- Irritability and Mood Swings
- Insomnia or Restlessness
- Nausea and Vomiting
- Disinterest in physical appearance
- Decline in work or school performance
- Continually asking for or borrowing money needed to obtain Percocet
- Feeling as though Percocet is needed consistently throughout the day
- Obsession with maintaining a certain supply of Percocet
- Engaging in illegal activity to obtain Percocet prescriptions, such as fraud or stealing
If you or a loved one is experiencing any of these side effects as a result from an addiction to Percocet, it is recommended that you seek professional help as soon as possible.
A Percocet addiction can have a tremendous impact in various aspects of an abuser’s life. These consequences can impact a man or woman physically, psychologically/mentally, and socially. The following are effects of a Percocet addiction:
Physical Effects – The abuse of the drug Percocet can compromise the body’s ability to function normally but destroying various systems and/or organs. Here are some negative physical consequences resulting from using the drug Percocet:
- Kidney disease
- Respiratory failure
- Cardiovascular complications
- Gastrointestinal upsets
- Infection from injecting with needles
- Compromised mental function
- Liver dysfunction
- Death due to accidental overdose
Psychological / Mental Effects – Abusing Percocet can also reap negative repercussions on mental health and wellness. These are some of the negative psychological and mental effects from the misuse of Percocet:
- Mood disorders or instability
- Increased anxiety or depression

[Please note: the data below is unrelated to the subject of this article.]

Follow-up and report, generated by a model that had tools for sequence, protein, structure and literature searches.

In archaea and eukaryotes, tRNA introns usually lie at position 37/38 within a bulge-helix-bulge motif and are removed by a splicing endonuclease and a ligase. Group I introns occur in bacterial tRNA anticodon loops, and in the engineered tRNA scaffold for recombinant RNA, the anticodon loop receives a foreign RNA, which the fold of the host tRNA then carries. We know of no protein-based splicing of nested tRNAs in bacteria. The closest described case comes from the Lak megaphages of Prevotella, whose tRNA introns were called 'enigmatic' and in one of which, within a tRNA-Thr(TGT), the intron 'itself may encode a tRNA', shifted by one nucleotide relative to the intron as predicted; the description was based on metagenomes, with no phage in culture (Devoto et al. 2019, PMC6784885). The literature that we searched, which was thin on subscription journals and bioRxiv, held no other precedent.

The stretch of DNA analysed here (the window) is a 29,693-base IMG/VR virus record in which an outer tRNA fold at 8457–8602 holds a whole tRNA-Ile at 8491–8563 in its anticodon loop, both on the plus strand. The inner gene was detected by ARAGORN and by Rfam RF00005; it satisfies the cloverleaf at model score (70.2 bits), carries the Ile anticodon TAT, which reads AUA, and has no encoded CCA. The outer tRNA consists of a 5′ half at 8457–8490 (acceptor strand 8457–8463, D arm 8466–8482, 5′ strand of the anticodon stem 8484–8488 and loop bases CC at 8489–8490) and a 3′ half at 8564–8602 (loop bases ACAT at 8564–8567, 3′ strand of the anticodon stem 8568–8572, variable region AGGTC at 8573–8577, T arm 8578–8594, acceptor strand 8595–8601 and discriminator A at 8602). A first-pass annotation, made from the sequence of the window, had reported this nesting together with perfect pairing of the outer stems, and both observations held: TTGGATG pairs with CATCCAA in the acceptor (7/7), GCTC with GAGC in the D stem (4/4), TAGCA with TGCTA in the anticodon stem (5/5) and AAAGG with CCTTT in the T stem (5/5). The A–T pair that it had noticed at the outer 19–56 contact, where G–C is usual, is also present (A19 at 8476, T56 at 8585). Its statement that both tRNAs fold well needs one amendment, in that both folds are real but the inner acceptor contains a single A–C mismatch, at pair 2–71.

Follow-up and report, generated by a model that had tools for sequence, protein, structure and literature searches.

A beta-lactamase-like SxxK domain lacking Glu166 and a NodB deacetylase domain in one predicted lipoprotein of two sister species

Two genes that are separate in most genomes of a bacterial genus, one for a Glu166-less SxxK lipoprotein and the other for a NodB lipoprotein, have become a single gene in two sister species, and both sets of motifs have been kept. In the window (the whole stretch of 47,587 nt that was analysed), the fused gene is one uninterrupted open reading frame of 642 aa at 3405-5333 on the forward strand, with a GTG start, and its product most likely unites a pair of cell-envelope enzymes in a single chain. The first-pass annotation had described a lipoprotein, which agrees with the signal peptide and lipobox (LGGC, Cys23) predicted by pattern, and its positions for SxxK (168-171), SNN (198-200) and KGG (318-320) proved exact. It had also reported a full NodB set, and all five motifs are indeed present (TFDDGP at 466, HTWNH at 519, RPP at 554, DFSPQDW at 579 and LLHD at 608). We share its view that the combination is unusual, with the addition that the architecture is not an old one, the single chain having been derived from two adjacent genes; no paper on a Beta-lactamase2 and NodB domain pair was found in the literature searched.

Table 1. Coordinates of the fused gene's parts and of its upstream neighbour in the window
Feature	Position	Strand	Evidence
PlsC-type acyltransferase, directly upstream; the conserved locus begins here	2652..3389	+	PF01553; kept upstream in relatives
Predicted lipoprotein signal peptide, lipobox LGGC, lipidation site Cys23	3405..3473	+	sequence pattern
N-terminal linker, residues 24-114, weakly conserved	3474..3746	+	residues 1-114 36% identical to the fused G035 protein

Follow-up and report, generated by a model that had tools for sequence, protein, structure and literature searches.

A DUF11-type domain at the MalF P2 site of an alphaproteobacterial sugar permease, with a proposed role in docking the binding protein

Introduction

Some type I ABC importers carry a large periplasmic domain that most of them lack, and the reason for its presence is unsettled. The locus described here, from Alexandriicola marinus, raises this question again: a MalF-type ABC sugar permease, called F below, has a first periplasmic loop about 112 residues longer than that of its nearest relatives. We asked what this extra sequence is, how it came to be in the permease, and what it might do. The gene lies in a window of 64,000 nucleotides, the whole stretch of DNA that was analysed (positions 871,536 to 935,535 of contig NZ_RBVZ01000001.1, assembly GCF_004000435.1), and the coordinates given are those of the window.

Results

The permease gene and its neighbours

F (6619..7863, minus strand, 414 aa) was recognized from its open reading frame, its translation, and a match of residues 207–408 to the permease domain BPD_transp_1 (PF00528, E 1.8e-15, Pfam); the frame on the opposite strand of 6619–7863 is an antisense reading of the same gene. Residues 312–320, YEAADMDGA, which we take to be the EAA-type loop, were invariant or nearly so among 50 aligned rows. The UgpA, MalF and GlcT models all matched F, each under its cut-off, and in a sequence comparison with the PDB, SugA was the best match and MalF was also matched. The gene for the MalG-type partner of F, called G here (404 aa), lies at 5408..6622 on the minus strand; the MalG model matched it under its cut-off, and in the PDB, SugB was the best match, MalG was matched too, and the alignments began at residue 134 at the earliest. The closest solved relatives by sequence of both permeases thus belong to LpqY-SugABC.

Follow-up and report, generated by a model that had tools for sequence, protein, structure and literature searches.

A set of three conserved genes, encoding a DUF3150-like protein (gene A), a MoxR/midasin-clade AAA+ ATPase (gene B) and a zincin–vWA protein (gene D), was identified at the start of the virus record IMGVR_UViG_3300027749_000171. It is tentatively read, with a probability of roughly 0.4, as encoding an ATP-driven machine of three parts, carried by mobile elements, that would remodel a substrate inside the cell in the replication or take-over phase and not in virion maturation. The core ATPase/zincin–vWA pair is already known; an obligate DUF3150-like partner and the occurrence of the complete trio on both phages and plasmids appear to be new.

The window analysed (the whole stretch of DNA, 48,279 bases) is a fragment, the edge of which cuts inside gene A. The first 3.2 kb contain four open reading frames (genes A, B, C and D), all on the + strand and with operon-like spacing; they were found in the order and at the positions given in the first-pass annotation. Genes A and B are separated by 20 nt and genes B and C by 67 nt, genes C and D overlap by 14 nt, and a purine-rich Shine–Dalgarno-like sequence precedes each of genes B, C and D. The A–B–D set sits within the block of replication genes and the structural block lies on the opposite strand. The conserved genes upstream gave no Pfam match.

- Disorientation or confusion
- Personality shifts
- Feelings of rage or anger
- Altered perception of reality
- Low self-esteem, negative body image
- Suicidal thoughts
Social Effects – Percocet abuse can result in several negative social effects. These can include the following:
- Alienation or segregation from friends and family
- Loss of desire to participate in activities once enjoyed
- Partitions within a family unit
- Damaged relationships with loved ones
When a man or woman becomes dependent on a drug, such as Percocet, the body will be use to the effects of Percocet over time. Because of this, withdrawing from Percocet too rapidly can lead to withdrawal symptoms. Physical withdrawal symptoms can last from 48-72 hours or as long as 30-60 days, depending on the severity of the addiction to Percocet. These symptoms develop as a result of the body attempting to recuperate from interference of the drug within its systems and any dysfunction the drug may have caused.
Withdrawal from Percocet may cause the following symptoms:
- Body aches/Muscle Pain
- Rapid heart rate
- Excessive sweating
- Flu-like symptoms
- Anxiety/Panic Attacks
Withdrawal from Percocet should occur under a medical professional. This will help minimize any complications that could result. There are also instances where physicians can prescribe drugs specifically used to assist a person through the detoxification process by alleviate symptoms that may be experienced. Drugs that may be used include Clonidine and Naloxone. Clonidine helps to decrease anxiety, agitation, and muscle cramps during withdrawals, while Naloxone works by preventing opiates from attaching to receiver systems in the body.
Having the support of a Percocet rehabilitation center and treatment team can help an individual struggling with a Percocet addiction withdraw from the drug safely and create long term success for recovery.
: Substance Abuse and Mental Health Services Administration, Office of Applied Studies. (June 18, 2010). The DAWN Report: Trends in Emergency Department Visits Involving Nonmedical Use of Narcotic Pain Relievers. Rockville, MD.
Articles About Percocet
- The development of substance abuse tolerance leads to higher levels of Percocet intake and in many cases substance dependence (Miller & Carroll, 2012). The PST Alignment Exercise is part of the Perspective Sharing in Therapy (PST) (Pound, 2014) toolbox that is utilized with clients who are seeking alternative methods to Percocet managed pain.
Last Updated & Reviewed By: Jacquelyn Ekern, MS, LPC on August 13, 2013
Published on AddictionHope.com, Online Substance Abuse Treatment Information